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PS-352 Characteristics Of U. S. Children Whose Parents Report They No Longer Have Autism Spectrum Disorder (asd)
  1. G Montes1,
  2. JS Halterman2
  1. 1Ralph C. Wilson Jr. School of Education, St. John Fisher College/Children’s Institute Inc., Rochester, USA
  2. 2Department of Pediatrics, University of Rochester, Rochester, USA

Abstract

Background/aims Our objective was to determine the characteristics of children who do not retain an autism diagnosis.

Methods The National Survey of Children’s Health 2007, a nationally representative survey, asked parents whether a doctor or other health professional had ever told them their child had ASD. Thirty eight percent of those who responded affirmatively also reported that the child did not have ASD currently. We inspect the differences between the ASD-now and no-longer-ASD groups using design-corrected F tests and multivariate logistic analyses.

Results Compared with the ASD-now group, the no-longer-ASD group was more likely to be minority (40.6 vs. 18.3%, p < 0.01), have parents with high school education or lower (45.6 vs. 28.3%, p < 0.05), and less likely to be of Hispanic ethnicity (8.0 vs 18.5%, p < 0.05). The no-longer ASD group was more likely to have had hearing problems (although not currently) (21 vs 10.5%, p < 0.05), and less likely to have had epilepsy and seizures (6.2 vs 13.1%, p < 0.05), developmental delays (55.6 vs 72.8%, p < 0.05) or learning disabilities (56.6 vs 80.3%, p < 0.01). Retaining the ASD diagnosis dramatically increased with income levels among minority children, while declining for the most affluent children.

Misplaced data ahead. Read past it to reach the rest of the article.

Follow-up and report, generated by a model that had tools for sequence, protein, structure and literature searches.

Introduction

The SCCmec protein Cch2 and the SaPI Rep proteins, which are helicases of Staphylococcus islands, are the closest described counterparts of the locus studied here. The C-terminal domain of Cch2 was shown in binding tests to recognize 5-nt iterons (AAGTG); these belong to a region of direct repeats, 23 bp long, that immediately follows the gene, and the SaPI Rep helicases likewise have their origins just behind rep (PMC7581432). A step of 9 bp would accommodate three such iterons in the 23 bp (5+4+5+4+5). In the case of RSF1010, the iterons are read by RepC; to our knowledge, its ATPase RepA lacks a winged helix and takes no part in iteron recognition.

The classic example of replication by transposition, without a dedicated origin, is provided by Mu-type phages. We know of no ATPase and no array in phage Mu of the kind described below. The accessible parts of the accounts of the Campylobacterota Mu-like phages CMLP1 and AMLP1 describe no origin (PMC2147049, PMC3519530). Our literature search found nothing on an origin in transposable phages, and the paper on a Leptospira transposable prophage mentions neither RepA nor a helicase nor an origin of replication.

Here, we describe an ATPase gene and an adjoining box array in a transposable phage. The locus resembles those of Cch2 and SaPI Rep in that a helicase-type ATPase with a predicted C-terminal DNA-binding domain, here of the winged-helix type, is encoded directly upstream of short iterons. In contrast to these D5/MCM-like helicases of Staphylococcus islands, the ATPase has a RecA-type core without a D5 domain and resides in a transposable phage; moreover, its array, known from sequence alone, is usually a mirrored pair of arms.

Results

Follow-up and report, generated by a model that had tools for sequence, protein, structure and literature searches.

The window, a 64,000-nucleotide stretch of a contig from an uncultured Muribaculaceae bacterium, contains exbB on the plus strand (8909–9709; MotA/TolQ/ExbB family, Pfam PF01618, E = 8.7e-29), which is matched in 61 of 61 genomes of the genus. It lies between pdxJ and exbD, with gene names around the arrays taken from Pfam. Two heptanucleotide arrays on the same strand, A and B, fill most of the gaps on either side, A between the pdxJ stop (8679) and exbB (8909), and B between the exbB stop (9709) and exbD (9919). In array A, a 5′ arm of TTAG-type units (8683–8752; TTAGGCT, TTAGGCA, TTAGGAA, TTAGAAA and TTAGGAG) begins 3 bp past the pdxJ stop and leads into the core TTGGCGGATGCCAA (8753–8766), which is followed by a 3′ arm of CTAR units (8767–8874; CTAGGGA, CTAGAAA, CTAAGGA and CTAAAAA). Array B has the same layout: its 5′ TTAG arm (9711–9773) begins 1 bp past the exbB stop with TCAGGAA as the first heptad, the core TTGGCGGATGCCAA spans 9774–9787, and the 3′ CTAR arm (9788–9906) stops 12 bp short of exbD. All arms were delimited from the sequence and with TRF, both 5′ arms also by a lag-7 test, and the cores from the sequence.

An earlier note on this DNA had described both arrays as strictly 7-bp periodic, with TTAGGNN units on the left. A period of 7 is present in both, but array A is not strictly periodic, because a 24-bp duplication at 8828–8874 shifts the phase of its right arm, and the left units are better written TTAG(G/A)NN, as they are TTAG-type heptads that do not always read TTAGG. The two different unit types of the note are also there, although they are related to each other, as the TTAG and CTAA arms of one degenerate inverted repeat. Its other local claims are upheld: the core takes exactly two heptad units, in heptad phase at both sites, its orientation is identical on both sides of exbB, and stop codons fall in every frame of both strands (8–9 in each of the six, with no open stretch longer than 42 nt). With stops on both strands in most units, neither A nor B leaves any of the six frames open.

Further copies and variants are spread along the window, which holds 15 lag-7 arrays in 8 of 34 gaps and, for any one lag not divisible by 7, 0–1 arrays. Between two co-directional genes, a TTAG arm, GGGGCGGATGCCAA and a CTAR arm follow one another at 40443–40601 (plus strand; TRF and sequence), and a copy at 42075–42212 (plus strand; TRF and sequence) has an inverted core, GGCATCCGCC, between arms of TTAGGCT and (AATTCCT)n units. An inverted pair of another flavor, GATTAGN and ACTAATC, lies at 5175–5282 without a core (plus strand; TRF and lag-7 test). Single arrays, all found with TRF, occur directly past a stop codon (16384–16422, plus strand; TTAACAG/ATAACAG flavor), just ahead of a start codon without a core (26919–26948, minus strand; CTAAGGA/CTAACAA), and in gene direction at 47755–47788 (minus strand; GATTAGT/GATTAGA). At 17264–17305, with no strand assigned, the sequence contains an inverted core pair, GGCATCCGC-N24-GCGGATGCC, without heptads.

Conclusions In a nationally representative US sample, we found evidence that the groups most likely to be told they have ASD when they do not are minority, low-income children, particularly those with hearing problems.

Abstract PS-352 Figure 1

Percentage of children who retain ASD diagnosis by income level and race

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